Interview with Kamal Belmihoub, ELL Director

Challenges and successes in teaching T sections online

ELL (English Language Learner) Director Kamal Belmihoub met with two Writing Across the Curriculum Fellows to discuss his own process of moving online, getting the most out of synchronous sessions, and adapting to the needs of the online experience.

Watch the video or read the transcript below—

Video of interview with Dr. Kamal Belmihoub, ELL Director

Seth Graves (he/him): Hi, we’re here for Pedagogy in Practice, and we’re meeting today with Kemal Belmihoub, who is director of our ELL courses and our T sections in the English department. Also joining us are Christopher Campbell and Agnes Eshak, Writing Across the Curriculum Fellows at Baruch.

Christopher Campbell (he/him): So we’ve been talking, you and I, Agnes, Seth, Lisa (Blankenship, Writing Director), and Allison (Deutermann, Great Works Director) this term about the transition to online teaching and effective methods for not only teaching but also evaluating the teaching and learning process online. And Agnes and I have a few questions for you, specifically concerning ELL and T section courses at Baruch. I think the first one on our minds is, how has teaching online impacted the instruction of T sections, from your point of view?

Kamal Belmihoub (he/him): Thank you, Chris. I would say, the main message that we have tried to communicate throughout the Writing Program, including T sections, throughout the transition and in the midst of the pandemic is to focus on empathy—and, you know, trying to understand our students and their needs, and trying to be compassionate with circumstances they may be going through. And so we have done everything we can to stay true to how we teach, while using technology and resources available to us to adapt to the online environment. And so with T sections, in particular, some of the things I’ve tried to keep through the transition is, for example, small group conferences and individual conferences, which I’m used to always doing even when teaching in person, because I’ve felt like they are particularly important for students to contrast their individual needs. And I felt like it was really important to keep them in these circumstances, so I use Zoom and Google Drive to communicate with students and talk about their writing in the online environment, instead of meeting in class.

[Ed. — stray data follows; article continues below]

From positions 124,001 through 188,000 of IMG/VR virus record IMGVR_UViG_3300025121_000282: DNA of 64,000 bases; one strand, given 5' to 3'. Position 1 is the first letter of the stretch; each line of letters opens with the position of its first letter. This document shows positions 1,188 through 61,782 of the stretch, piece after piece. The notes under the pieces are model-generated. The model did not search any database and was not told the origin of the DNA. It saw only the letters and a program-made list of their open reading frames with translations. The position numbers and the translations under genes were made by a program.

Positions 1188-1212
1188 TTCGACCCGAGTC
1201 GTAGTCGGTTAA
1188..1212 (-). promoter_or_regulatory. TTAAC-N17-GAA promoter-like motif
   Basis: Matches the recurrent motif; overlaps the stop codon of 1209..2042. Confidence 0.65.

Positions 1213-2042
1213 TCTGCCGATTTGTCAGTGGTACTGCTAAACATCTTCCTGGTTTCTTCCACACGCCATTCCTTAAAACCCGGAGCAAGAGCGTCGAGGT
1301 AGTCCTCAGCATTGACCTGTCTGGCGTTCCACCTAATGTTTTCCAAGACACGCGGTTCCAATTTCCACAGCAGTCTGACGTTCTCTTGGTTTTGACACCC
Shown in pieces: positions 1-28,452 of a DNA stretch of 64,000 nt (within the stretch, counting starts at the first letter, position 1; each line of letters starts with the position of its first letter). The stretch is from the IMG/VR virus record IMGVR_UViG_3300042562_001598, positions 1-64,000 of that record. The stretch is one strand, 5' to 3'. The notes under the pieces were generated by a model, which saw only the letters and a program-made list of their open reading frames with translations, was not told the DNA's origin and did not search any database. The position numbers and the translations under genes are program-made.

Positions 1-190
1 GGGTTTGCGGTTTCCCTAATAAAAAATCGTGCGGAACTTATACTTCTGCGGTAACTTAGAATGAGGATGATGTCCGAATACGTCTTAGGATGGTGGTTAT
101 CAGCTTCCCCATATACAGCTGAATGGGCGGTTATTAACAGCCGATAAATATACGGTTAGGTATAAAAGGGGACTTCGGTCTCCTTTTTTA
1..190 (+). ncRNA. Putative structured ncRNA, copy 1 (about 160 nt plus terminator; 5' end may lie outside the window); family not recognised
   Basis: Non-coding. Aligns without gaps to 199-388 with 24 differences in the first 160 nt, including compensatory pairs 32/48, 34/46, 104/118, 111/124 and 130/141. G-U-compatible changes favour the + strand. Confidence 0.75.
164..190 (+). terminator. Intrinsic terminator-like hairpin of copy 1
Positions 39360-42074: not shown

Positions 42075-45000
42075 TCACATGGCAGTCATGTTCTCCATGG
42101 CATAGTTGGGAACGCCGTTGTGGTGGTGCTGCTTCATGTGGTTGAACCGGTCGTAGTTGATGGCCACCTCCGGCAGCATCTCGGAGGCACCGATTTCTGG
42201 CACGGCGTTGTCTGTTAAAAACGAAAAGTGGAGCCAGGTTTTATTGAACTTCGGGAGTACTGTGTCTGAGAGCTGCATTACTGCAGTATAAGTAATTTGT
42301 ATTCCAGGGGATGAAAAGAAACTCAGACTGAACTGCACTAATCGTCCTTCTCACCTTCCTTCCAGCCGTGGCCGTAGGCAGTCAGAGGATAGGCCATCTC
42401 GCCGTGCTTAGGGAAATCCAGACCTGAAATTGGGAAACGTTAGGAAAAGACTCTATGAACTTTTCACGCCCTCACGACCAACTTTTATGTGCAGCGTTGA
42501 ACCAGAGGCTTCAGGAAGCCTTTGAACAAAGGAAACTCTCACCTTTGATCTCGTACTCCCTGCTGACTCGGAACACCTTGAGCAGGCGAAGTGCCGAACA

Also, I feel like with students in a T section, it may be difficult and they may feel overwhelmed with asynchronous teaching, so I felt like it was important to try to maintain a strong synchronous component to be able to address questions and do activities together. Because I’ve gotten feedback in the past, when I taught a hybrid, that the asynchronous component felt overwhelming to students. So I thought it would be important to try and stay true to the way I teach the class during normal circumstances, as much as possible, and use the technology to support that way of teaching, as opposed to kind of transforming the way I teach or embracing new technologies for the sake of it. Or trying to overwhelm myself and students with new ways of teaching.

Agnes Eshak (she/her): Building off of that, I think one thing we’re all wondering, is the letter students themselves, you know thinking about all of this, what have you heard from students about what they’re experienced and how they’ve adapted to these new learning methods.